Aaron Kerle is the director of Ipswich Earthmoving Equipment and Haenke No 3. Picture: Cordell Richardson
Aaron Kerle is the director of Ipswich Earthmoving Equipment and Haenke No 3. Picture: Cordell Richardson

Efforts to restart coal mining in Ipswich hit a brick wall

EFFORTS to restart a coal mining operation in Ipswich have hit a brick wall but the proponent believes it is the best option to rehabilitate a 1000ha site that could otherwise be taken over by waste companies.

Aaron Kerle, who is the director of Ipswich Earthmoving Equipment and Haenke No 3, is leading the charge for the joint venture to resume mining in New Chum and Swanbank.

It would initially involve mining a 40ha area off Redbank Plains Rd with the long term vision involving extracting up to 100,000 tonnes of coal a year and rehabilitating a total area of 1000ha.

The Department of Natural Resources, Mines and Energy cancelled the mining lease for the site in May 2018 due to regulatory noncompliance.

It was held by Oxley Plant Sales Pty Ltd.

"The legislation currently prohibits any new coal mining activities happening with Ipswich," Mr Kerle said.

"Our argument is that this is not a new coal mining activity. Up to May 2, 2018 the area that we were seeking was approved for coal mining.

"It's an old mine and it should be exempt from the rules put in place.

"It would appear we have to have a change of the rules to allow this alternative plan to get off the ground."

Mr Kerle said the sale of coal would be for domestic consumers only and it could save money on transportation costs for local companies in particularly difficult economic times.

"These areas have got to be rehabilitated and if you take away the ability to do that by the means of coal and the income that that generates then you've got to rely on some other form," he said.

Efforts to restart mining has hit a brick wall. Picture: Cordell Richardson
Efforts to restart mining has hit a brick wall. Picture: Cordell Richardson

"At this stage of the game, the only other financially viable option is the waste industry and filling the holes up with rubbish."

He said the incident in which an SES volunteer fell down an abandoned mine shaft in Collingwood Park this week showed the importance of rehabilitation.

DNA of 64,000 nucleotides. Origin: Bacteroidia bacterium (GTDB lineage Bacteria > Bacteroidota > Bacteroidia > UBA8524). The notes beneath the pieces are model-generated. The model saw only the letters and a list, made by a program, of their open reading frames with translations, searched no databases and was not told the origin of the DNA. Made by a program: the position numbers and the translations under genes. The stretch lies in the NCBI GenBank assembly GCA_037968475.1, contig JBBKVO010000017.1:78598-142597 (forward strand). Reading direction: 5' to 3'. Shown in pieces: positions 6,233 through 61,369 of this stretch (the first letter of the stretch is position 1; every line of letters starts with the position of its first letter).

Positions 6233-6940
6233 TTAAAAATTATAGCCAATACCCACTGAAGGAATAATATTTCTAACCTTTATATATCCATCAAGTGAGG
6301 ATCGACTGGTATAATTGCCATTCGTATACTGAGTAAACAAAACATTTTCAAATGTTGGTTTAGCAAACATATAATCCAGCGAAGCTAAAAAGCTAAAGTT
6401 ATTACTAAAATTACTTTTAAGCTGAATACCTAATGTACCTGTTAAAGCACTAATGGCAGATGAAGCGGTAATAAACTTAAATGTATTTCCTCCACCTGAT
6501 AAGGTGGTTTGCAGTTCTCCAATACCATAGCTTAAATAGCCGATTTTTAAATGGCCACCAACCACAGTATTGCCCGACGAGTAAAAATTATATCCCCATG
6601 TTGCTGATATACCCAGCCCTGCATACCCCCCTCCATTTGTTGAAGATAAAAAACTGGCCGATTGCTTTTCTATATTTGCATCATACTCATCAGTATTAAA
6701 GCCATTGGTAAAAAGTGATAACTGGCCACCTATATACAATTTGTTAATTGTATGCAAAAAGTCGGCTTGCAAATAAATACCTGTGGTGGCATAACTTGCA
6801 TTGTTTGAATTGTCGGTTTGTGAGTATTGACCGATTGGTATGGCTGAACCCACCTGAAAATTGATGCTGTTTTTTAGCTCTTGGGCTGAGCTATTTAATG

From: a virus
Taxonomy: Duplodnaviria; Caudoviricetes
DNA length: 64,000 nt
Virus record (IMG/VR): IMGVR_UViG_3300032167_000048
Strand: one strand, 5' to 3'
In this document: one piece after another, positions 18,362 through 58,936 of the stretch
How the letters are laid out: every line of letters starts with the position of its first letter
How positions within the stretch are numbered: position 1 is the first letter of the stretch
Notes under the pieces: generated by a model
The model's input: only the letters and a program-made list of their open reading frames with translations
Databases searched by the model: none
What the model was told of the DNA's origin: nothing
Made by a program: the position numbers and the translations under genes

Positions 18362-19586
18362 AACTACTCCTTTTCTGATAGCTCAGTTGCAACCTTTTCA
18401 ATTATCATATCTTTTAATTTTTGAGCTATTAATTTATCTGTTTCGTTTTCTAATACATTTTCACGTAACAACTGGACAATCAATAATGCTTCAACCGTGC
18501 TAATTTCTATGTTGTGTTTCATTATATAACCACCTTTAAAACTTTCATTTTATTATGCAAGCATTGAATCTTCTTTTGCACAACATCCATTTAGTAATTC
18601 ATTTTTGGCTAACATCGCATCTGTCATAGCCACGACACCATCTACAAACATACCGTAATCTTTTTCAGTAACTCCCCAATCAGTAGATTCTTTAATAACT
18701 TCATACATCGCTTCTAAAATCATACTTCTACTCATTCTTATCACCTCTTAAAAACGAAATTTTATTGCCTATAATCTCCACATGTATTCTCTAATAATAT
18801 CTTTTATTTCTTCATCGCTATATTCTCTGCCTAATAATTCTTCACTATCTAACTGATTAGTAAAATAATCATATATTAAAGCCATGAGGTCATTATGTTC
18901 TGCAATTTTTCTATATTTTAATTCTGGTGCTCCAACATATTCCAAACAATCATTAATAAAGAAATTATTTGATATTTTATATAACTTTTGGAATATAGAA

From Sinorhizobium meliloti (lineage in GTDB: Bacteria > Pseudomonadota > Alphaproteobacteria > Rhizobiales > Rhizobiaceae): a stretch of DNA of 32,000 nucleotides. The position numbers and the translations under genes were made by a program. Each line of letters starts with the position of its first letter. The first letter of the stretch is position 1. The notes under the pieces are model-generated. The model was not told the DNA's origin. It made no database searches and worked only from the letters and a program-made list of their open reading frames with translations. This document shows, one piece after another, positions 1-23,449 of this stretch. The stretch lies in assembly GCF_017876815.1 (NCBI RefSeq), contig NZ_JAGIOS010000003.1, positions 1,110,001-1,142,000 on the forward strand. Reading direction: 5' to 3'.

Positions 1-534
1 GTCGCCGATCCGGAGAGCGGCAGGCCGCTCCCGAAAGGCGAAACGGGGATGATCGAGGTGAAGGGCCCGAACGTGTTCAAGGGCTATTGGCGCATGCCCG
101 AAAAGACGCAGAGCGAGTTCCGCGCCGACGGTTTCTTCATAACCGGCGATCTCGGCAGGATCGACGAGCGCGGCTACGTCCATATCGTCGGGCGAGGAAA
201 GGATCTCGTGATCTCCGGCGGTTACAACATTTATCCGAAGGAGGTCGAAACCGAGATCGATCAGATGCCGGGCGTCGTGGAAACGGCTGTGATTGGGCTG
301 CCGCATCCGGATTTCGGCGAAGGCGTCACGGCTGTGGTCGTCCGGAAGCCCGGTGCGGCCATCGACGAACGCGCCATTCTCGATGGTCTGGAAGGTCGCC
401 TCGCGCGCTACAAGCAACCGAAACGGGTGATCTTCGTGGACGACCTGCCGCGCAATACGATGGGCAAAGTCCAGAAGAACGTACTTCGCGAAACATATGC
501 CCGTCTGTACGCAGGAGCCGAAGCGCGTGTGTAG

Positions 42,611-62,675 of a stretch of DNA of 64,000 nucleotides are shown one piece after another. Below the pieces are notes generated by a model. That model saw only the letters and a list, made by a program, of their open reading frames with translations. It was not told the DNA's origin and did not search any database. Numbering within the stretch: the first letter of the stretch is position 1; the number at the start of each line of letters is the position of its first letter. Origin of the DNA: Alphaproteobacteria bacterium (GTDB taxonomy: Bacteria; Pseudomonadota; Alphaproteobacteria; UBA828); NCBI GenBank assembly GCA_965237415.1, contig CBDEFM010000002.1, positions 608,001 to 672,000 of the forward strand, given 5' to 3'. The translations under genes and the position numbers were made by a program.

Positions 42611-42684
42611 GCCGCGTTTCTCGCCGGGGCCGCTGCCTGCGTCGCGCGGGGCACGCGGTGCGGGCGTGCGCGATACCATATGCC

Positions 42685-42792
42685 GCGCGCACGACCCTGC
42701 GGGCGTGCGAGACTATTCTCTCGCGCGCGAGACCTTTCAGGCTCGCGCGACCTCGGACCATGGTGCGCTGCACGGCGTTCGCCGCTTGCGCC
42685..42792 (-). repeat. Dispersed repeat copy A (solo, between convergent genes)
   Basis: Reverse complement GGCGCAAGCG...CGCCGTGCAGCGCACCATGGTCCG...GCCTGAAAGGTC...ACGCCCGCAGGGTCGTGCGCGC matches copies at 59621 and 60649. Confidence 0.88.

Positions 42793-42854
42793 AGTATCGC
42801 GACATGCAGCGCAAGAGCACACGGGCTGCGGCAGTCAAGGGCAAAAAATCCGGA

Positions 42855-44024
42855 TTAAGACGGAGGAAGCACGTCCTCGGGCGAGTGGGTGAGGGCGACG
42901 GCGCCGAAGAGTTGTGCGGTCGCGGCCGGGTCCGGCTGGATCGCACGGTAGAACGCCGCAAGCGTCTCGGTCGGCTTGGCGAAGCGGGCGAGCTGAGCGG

"These are very shallow underground mines," he said.

"You can't do anything with it."

Ipswich City Council's development planning manager Brett Davey said council officers had been briefed on the project but did not support it to date.

The State Government declared a restriction area under the Mineral Resources Act 1989 to stop new mining activity starting in proximity to planned or existing residential areas.

Restrictions are in place that prevent any new mining tenure being granted in the Ipswich local government area, other than for some low-level exploration activities.

"In order to commence mining in Swanbank or New Chum legislation change would be required to remove the restriction area and the developer would need to progress an application process under the Mineral Resources Act 1989," Mr Davey said.

"There are significant impacts associated with the operation of mining activity, particularly close to residential areas.

"It is unclear at this stage how those risks can be mitigated or avoided."

Mr Davey said the regulation of these activities, including the initial approval process and ongoing compliance, was the responsibility of the State Government.

Shadow Minister for Mines Dale Last urged the council to consider the project further.

"In the wake of the pandemic and the need for economic recovery, I would think that Ipswich City Council should be looking at this project to assess whether it is practical," he said.

"We need to ensure we find a balance between residential and resource interests and the first step in that process lays at the feet of local government."